It all began on July 19, 1967. A Wednesday that was so hot that police officers were allowed to perform their traffic duties without wearing ties or collars. On this day, Karl Schweizer from Waiblingen collected his Porsche 911 T/R. But his joy was short-lived, because the car was destroyed in an accident that same year. The car was then re-shelled and sold to driving school owner Philippe Farjon in Paris. He converted the 911 into a racing car to compete in the 24 Hours of Le Mans in 1969, together with his friend Jacques Dechaumel.
Their unorthodox road to Le Mans caused something of a stir. A camera team accompanied them and shot a documentary about the car – number 67 in the race, registration 18 VQ 75. The programme listened in on the two men as they chatted, heard them going on about rpm, improving lap times, how to fine-tune their strategy. They ate steak, but most of it was left on their plates. But no, the fear wasn’t what blunted their appetites. You could feel the uncertainty in the pits when an accident at Maison Blanche was reported over the tannoy – but their car wasn’t involved.
They ended up coming 14th, and their Porsche completed 3,845 kilometres. Average: 160 km/h. This Porsche competed here in 1970 and 1971 as well, in the fastest race of the century, before losing its way for decades – until that hot day in 2018, when the number 67 Porsche reappears in the pits, looking splendid and bearing its old registration number. Michael Roock of Roock Sportsystem restored it for Arndt Ellinghorst. “I wanted this car to return to France, to Le Mans. As a tribute to those two guys, too, who once prepped the Porsche for the race. I didn’t know the story before, but you can see this Porsche has touched the hearts of a lot of people and that it means something to many of them to see the car here again. Just the way it was, right down to the tiniest sticker, the number on the side, everything,” is how Ellinghorst describes what this unusual race project was aiming to achieve.
“It’s just wonderful to drive.”
The car’s past, which is still fascinating today. The car’s technology – very much of its time – which is still fascinating today. The timeless 911 time machine: Ellinghorst adores the beauty of numbers and mechanical systems. “Of course, the Porsche has a racing suspension, the car weighs 940 kilograms, the gearshift is incredibly good, the gearing was relatively long for Le Mans, but it worked beautifully.” Facts in his head. Too many. There’s a pause, a sigh, then: “It’s just wonderful to drive.” Full stop.
Despite his career choice, Arndt wasn’t a petrolhead in the classic sense in his formative years. His family didn’t have a TV to watch on Sundays, so there was no Formula 1 for him. “But the myth of Le Mans has already told me something. Steve McQueen, the film, all the things people say about that story.” And so he sums up his youth. But today, he knows. “It’s the race to end all races.” And ever since he and his brother got involved in restoring cars, one thing has always been clear to him – if he were ever to drive the Le Mans Classic, it’d be in a Porsche. “I’m fascinated by the old cars, the history of the enterprise – and, to an extent, the stubbornness with which people pursue and achieve their goals, all the things others said they wouldn’t be able to do. This willingness to go to their limits, work really hard, challenge themselves and the equipment to extremes. That’s exactly why races like this have become the brand essence of Porsche.” The history of Porsche and Le Mans is fascinating. And this yesterday suddenly comes to life again in the pit lane of today. Elegantly dressed ladies stand on the wall and measure lap times with a stopwatch. Okay, on their iPhones nowadays, but just the fact that the lap times are written down on paper afterwards is like a trip into years gone by.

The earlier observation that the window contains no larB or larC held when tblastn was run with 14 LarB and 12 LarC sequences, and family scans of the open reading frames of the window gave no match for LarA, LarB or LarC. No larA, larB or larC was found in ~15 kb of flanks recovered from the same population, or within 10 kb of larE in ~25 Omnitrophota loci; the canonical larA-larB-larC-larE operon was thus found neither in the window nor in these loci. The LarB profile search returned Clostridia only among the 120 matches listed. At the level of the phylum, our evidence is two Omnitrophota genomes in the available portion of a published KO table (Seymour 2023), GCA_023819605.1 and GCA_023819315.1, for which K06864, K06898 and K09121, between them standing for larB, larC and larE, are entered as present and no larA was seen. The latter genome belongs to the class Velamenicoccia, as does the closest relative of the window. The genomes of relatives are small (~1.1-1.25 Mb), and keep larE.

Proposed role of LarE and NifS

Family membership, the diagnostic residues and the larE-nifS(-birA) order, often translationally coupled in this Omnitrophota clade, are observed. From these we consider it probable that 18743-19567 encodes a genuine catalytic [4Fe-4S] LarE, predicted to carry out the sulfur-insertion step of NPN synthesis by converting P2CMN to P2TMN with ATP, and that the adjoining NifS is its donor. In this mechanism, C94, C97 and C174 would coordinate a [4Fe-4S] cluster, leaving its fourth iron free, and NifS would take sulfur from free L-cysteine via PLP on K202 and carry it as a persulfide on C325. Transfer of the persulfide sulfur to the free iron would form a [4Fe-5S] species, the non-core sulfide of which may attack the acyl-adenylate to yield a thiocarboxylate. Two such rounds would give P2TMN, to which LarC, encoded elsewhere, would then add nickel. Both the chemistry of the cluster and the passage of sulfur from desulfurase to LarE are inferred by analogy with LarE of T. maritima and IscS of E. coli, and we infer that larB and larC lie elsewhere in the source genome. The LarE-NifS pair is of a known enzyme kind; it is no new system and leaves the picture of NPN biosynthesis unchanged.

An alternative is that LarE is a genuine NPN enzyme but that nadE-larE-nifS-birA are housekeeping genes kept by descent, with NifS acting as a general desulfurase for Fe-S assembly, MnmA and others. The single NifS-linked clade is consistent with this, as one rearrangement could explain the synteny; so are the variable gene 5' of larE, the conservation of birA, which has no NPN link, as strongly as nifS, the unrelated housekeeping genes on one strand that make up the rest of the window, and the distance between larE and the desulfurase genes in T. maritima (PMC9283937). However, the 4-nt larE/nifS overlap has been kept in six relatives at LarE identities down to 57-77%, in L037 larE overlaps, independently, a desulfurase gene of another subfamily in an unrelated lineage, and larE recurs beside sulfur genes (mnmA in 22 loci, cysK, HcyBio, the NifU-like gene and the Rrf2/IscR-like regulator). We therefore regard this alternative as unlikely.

Famous professional racing driver Claudia Hürtgen is part of the team
But while Arndt is happy to be sentimental, he wants to be fast as well. So that’s why he’s included Claudia Hürtgen, one of Germany’s most famous professional racing drivers, in his team. She’s driven in the main race here four times, and one of her first mentors was Dr. Helmut Marko, who set the distance record here back in 1971 – the year in which the number 67 Porsche lapped the course for the last time. Arndt listens carefully to Claudia Hürtgen. This might be unusual for someone who’s used to thinking aloud, inspiring others and showing them the way; but this is what he does, and you can see the respect he has for these 38 corners over a distance of 13.629 kilometres. He listens to Claudia Hürtgen – and to the track itself, which has a sound like no other. Especially at night, when the folk festival next door gets louder and louder. There’s also the smell of barbecuing, when the fans eat and drink together in the woods. And he listens to the number 67. It doesn’t just seem like it was made for Le Mans – it WAS made for Le Mans. Half a century ago, by two men who stubbornly pursued and achieved their goal.
It’s Sunday, late morning. Everybody’s tired and lethargic because of the incredible heat of the day. Suddenly, a man in the pits comes over to Arndt and tells him he’s Jacques Dechaumel’s nephew. And then there’s no stopping him: what it means for him to see the car again, fast and beautiful just as it always was. This moment will last forever. A story as unexpected, as unbelievable as the story of this Porsche itself. A story that only Le Mans can write. The fact that the number 67 Porsche ends up winning two of the three races in its class is a matter of honour. And incidental.
Text first published in the magazine "Porsche Klassik", issue 15.
Text by Gerald Enzinger // Photos by Vince Perraud
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